I chose the Streamlight Microstream for my first flashlight review because I felt like it would establish a good ‘control’ for whatever I decided to review next. It was simple, straightforward, unadorned: an appealingly plain little light.
But I also chose it because it wasn’t an enthusiast product, in the sense that something like the Prometheus QR and the Peak Eiger are enthusiast products. These are designed for people who want to read the spec sheets, who know the names, pros, and cons of different emitters like knife guys know the quirks of different steels. In the gear world, there tends to be a pretty clear distinction between what’s made for the enthusiast, and what’s made for the everyman.
Which is a regrettable state of affairs, because I think that each side has a lot to learn from the other: non-enthusiast companies can learn about the importance of smart, purposeful design choices, and the enthusiast companies can learn about value and respecting the user’s investment in concrete ways.
There are a handful of pieces of gear that I feel represent this comingling of enthusiast and everyman sensibilities: crossover designs, if you will. In the knife world, the Kershaw Leek is the premier crossover design. In the world of flashlights, we have the 47s Preon 2. This is a light designed by enthusiasts, but seemingly geared towards an everyman user. As such it seems like a logical next step after the Microstream. The question is, is it a step worth taking?
General Dimension and Construction
The Preon 2 is in a different size class than the Microstream. It is almost exactly 5” long, and about 1/2” across at its widest point. With batteries in, it weighs 1.8 oz. with the batteries in. It’s a 2xAAA light.
The Preon 2 is a pen light. The pen light is a proven, recognizable shape. People like it. I can see the appeal, but find it less appealing than the compact, 1xAAA format of the Microstream – or, for that matter, the Preon 1. As a gear enthusiast, I carry a lot of stuff in my pockets: a knife, a pen, a flashlight, a phone, maybe a notebook. If all I carried was a flashlight, I wouldn’t really care. But because I carry it along with so much else, I notice the size and do not appreciate it – and, as we’ll discuss below, the extra length doesn’t really offer any particular performance benefits.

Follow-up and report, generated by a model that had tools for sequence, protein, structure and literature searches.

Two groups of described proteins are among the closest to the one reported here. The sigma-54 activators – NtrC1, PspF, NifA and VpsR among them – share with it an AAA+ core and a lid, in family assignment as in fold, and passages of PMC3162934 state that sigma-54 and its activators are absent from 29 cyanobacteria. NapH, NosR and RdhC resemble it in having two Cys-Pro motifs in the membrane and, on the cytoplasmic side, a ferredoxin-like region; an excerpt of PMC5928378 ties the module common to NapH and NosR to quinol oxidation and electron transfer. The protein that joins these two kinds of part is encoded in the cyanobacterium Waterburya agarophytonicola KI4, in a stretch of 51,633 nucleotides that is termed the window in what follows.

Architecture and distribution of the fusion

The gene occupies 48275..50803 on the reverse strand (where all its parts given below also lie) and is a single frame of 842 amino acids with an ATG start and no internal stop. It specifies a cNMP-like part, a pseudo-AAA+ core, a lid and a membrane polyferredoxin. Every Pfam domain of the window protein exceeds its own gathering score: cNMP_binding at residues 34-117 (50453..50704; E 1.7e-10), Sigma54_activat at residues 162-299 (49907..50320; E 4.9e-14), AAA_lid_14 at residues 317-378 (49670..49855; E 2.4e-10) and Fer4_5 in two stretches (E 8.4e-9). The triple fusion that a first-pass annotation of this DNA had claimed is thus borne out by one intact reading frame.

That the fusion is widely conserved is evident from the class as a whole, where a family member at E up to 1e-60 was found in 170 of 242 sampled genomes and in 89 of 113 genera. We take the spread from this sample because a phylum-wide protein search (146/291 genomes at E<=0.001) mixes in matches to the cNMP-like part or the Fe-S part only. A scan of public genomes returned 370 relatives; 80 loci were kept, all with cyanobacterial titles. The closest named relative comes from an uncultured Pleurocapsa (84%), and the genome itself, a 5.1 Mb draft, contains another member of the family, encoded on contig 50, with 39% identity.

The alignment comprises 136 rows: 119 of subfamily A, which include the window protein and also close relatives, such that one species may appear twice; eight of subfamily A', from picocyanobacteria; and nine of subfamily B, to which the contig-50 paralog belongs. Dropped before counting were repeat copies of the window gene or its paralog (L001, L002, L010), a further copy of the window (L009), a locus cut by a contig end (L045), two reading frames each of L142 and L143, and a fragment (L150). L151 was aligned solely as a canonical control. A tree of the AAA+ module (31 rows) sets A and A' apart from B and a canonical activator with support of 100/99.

The Preon 2 is made of type-III hard anodized aluminum. Not particularly original, but everything is put together tightly and well. This is Dan’s personal Preon 2. He’s had it for a while, and while there is some wear around the bevel and the clip, I feel safe saying that the anodization seems to be holding up better than the quickly-flaky job on my Microstream. The batteries rattle a little in the body tube but other than that the fit and finish is above-average.
The Preon 2’s washer-style clip is good. Not great: to my eye it looks a little goofy and it’s definitely too short for the length of the light. It does seem a little thin, and I would worry about bending it out of shape over time, but that’s all theorizing: in the moment, it is adequate if not excellent.
Output, Runtime, and UI
Here’s where the Preon 2 reveals its enthusiast design elements, with much higher outputs, way better runtimes, and a much more cerebral UI than the, er, streamlined Microstream.
The Preon 2 is a clicky, my favorite UI by a country mile. It has three basic modes: a moonlight low at 2 lumens, a medium of 22 lumens, and a high of 160 lumens, accessed in that order. It runs at moonlight for 23 hours, 6 hours at medium, and .8 hours at high. My review sample is a first generation model. The second generation has a different emitter and higher outputs. There is a third generation out now that makes more significant changes, but I’ll discuss that below.
Let’s talk about the good stuff first: I like the output options a lot. 47s made a name for itself with its moonlight lows: they give you enough light to navigate, say, a dark room, but won’t affect your night vision. This is my first experience with a 47s product and that low low is really nice to have. The medium and high are nice too. For close- and medium-range tasks there isn’t much difference between them, but I could see the high being useful over long distances or outdoors. The beam pattern is also significantly better than the Microstream’s: less artifacting, a cleaner, even color – a different league altogether.